I’ll never forget my first day of teaching kindergarten in an inner-city school with struggling students, half of whom didn’t speak English when they walked in my classroom. As I supervised students working at the art table, I noticed that none of my students were holding their scissors correctly…NONE. Later in the day, I watched as several children struggled to hold their pencil, grasping it as if they were holding a knife and stabbing their paper. It was evident that my students had not spent time at home developing Fine Motor Skills in the most critical time period for them to develop. It was also very evident that I had my work cut out for me to catch them up and strengthen their little hand muscles.
What are Fine Motor Skills?
Motor Skills are divided into two categories: Gross Motor and Fine Motor. Gross Motor Skills are the coordination of movements that are required for large movements: crawling, running, jumping, throwing, climbing, etc. These are the skills that develop first. Fine Motor Skills are the coordination of movements that are required for small muscle movements: cutting, writing, opening water bottles, tying shoes, etc. Both sets of motor skills work together to help us function through our day, but fine motor skills are the more detailed of the two skills. Without fine motor skills, life would be very hard.
Why Develop Them?
Do you really need to focus on Fine Motor Skills? Won’t kids just pick up on them? To a certain extent, yes, kids will develop them as they go through life, but I’d argue that they might not be fully developed without some intentional practice. If we truly want to set up our children for success, I think it is important for us to set up opportunities for them develop.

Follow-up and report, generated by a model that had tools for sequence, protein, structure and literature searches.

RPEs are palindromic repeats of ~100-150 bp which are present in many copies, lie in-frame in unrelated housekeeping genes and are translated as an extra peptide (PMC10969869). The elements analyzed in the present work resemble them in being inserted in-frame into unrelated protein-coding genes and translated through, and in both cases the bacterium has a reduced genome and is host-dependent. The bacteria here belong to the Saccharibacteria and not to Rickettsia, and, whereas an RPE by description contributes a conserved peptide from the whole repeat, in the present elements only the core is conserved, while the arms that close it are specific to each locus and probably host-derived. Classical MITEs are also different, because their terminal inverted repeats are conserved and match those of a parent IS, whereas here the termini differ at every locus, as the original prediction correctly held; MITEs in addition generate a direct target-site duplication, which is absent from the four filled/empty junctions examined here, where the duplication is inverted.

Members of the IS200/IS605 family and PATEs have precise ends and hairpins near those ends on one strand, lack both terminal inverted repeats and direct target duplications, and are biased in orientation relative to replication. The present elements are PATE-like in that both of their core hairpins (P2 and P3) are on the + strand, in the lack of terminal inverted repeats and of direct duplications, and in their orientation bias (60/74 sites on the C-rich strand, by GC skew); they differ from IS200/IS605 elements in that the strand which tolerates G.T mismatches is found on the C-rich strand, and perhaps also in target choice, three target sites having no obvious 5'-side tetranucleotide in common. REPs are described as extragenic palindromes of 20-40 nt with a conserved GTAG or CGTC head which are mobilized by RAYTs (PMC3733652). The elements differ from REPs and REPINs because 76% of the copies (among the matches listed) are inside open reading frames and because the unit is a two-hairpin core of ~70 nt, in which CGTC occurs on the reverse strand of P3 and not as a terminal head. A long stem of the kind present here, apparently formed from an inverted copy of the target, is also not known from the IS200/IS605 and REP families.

Fine motor skills are important because they directly impact how well a child can write and cut paper.
I recently posted a picture on Facebook of some of Jonah’s writing. A friend complimented his writing followed by the question, “How did you get him to write so well?!” Deep down I knew what she was asking; she wanted a formula for the same results. My answer: We developed fine motor skills before I ever expected him to write.
For the next two weeks, I’m honored to be joining 39 other bloggers in iHomeschool Network’s Hopscotch! I’ll spend 10 days sharing my “formula” for Developing Fine Motor Skills. I’m writing this series for my friend. I’m writing this series for you. I’m writing this series for my first class of students who made me think about how to strengthen little hand muscles. I hope you’ll join the fun.